So... how about an ion-ray Gun?
     
  11. Guest

    I haven't had kids but hope to later in life, So...*nervous
    laughter*... Lets just forget about this idea.
     
  12. DBLEXPOSURE

    DBLEXPOSURE Guest

    Electrons travel everywhere...

    I believe CRT's receiving tubes, etc.. are evacuated is to keep impurities
    out which would shorten the life of the cathode.
     
  13. Don Bruder

    Don Bruder Guest

    But they travel MUCH better in places where they aren't running into
    things.
    Tell ya what... Let's have you test that belief.

    Let's do a simple cookbook-style experiment, shall we?

    Open up your TV set, and pull the control board off the end of the
    picture tube. Probably have to wiggle it a bit - they're usually pretty
    tight.

    In the middle of the ring of pins on the back of the tube, there's a
    little tit of thin glass where they melted it shut after drawing down
    the vacuum on it. Use a pair of needlenose pliers or similar to grab
    that little tit and bend it until you feel it crack and you hear a hiss,
    whistle, whoosh, or some similar "air in fast motion through small
    opening" noise.

    Once the noise stops, put the plug back on the tube - make sure you
    match up the keyway - and fire that puppy up.

    Report back on how well it works.

    Hint: Before you go destroying your TV set, lemme save you some effort.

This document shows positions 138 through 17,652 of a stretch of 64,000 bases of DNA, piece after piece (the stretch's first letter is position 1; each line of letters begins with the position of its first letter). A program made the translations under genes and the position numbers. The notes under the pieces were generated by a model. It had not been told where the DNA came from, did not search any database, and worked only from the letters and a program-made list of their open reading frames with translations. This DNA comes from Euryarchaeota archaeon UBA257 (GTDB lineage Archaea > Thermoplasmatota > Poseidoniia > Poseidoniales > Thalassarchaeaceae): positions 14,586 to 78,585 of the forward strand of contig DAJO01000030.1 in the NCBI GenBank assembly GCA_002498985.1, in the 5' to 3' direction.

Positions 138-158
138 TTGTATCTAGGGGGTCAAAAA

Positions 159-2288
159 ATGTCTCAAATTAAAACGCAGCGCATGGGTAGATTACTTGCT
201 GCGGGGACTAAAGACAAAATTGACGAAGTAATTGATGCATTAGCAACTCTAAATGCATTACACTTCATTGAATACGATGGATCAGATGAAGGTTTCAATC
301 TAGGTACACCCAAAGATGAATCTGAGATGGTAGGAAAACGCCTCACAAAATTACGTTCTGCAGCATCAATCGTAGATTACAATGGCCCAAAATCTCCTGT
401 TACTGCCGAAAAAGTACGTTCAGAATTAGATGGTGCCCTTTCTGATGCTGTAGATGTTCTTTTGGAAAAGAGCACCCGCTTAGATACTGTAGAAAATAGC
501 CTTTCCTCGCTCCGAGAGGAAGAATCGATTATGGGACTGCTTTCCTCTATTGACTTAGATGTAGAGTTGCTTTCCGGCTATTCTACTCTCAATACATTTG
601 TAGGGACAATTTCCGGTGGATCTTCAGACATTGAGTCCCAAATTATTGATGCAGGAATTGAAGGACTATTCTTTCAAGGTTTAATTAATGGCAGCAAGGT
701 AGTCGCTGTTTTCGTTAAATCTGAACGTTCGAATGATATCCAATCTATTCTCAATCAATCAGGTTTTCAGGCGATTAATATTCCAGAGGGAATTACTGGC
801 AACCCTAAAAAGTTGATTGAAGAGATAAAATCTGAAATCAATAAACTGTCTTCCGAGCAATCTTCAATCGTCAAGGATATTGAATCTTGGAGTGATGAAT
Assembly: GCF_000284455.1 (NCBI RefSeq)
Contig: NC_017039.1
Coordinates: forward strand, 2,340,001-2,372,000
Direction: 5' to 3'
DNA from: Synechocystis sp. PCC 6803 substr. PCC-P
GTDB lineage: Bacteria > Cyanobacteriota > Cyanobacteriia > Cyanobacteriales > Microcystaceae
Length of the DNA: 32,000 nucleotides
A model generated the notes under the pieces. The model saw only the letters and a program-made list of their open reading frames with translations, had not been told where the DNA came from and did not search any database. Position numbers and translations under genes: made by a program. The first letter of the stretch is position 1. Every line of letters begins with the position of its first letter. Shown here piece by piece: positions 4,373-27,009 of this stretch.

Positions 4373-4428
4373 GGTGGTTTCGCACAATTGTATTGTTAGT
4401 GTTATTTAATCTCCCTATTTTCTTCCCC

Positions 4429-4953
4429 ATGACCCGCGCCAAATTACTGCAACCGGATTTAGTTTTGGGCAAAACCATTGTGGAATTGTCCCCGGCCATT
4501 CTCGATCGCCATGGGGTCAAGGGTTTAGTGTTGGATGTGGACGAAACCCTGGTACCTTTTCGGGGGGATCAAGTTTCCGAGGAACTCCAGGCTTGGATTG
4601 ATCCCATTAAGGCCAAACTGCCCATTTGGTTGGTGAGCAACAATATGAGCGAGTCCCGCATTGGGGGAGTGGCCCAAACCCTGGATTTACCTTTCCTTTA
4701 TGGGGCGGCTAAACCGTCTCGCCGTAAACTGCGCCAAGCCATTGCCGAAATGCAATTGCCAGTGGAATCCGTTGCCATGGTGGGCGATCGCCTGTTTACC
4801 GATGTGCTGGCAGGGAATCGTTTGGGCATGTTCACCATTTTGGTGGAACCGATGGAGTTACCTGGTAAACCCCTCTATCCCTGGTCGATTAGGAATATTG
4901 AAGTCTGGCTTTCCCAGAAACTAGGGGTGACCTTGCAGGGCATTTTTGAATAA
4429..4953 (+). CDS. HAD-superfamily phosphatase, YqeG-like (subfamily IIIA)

It ain't gonna work AT ALL. Electrons CAN travel through air in certain
    situations (think lightning - Charge flowing through an ionized channel
    of air), but not well. That's why air is generally considered an
    insulator. An electron beam is either absorbed or scatttered into
    uselessness by collisions with the atoms making up the air and/or any
    particles that might be suspended in it.
     
  14. DBLEXPOSURE

    DBLEXPOSURE Guest

    Geeze Don, why so sarcastic?



    I said tubes are evacuated to keep impurities out, didn't feel like writing
    a smart-ass sarcastic dissertation on the subject. Are you saying that
    impurities will not affect the cathode?



    Tubes get gasy quite often, they don't just quite working they die a slow
    death. Degradation of the cathode plays a part in that death.



    In your experiment I am sure quite a number of things would go wrong,
    perhaps some arcing at the anode. Filaments might burn open. And if it
    tried to make a picture it probably wouldn't be perfect or long lived. Have
    you ever tried it?



    Go buy two light bulbs, very carefully let the air out one. Now fire em
    both up and see which one last longer.



    I was responding to the "Electrons only travel in a vacuum comment" It is
    simply not true. If it where my TV wouldn't need tube as I wouldn't be able
    to receive any signal to display on it
     
  15. Jasen Betts

    Jasen Betts Guest

    no. the electron gun won't function in the atmosphere.

    the voltage inside the computer monitor isn't enough to make a spark jump
    more than an inch or two through the air.

    however if you could get enough charge onto the balloon there would be a
    spark to ground if the ground didn't attract the baloon to it frist :)

    Bye.
    Jasen
     
  16. Jasen Betts

    Jasen Betts Guest

    well, yeah, electrons travel through cables too :)

    but my TV gets its signal from an antenna and radio waves aren't composed
    of electrons. they're composed of photons.

    Bye.
    Jasen
     
  17. DBLEXPOSURE

    DBLEXPOSURE Guest

    Yes, but I do not have cable TV. ANd even the I am certain that somewhere
    along the line the signal was transmitted through through the air. i.e.
    sattelite, microwave STL link, ENG truck, etc etc...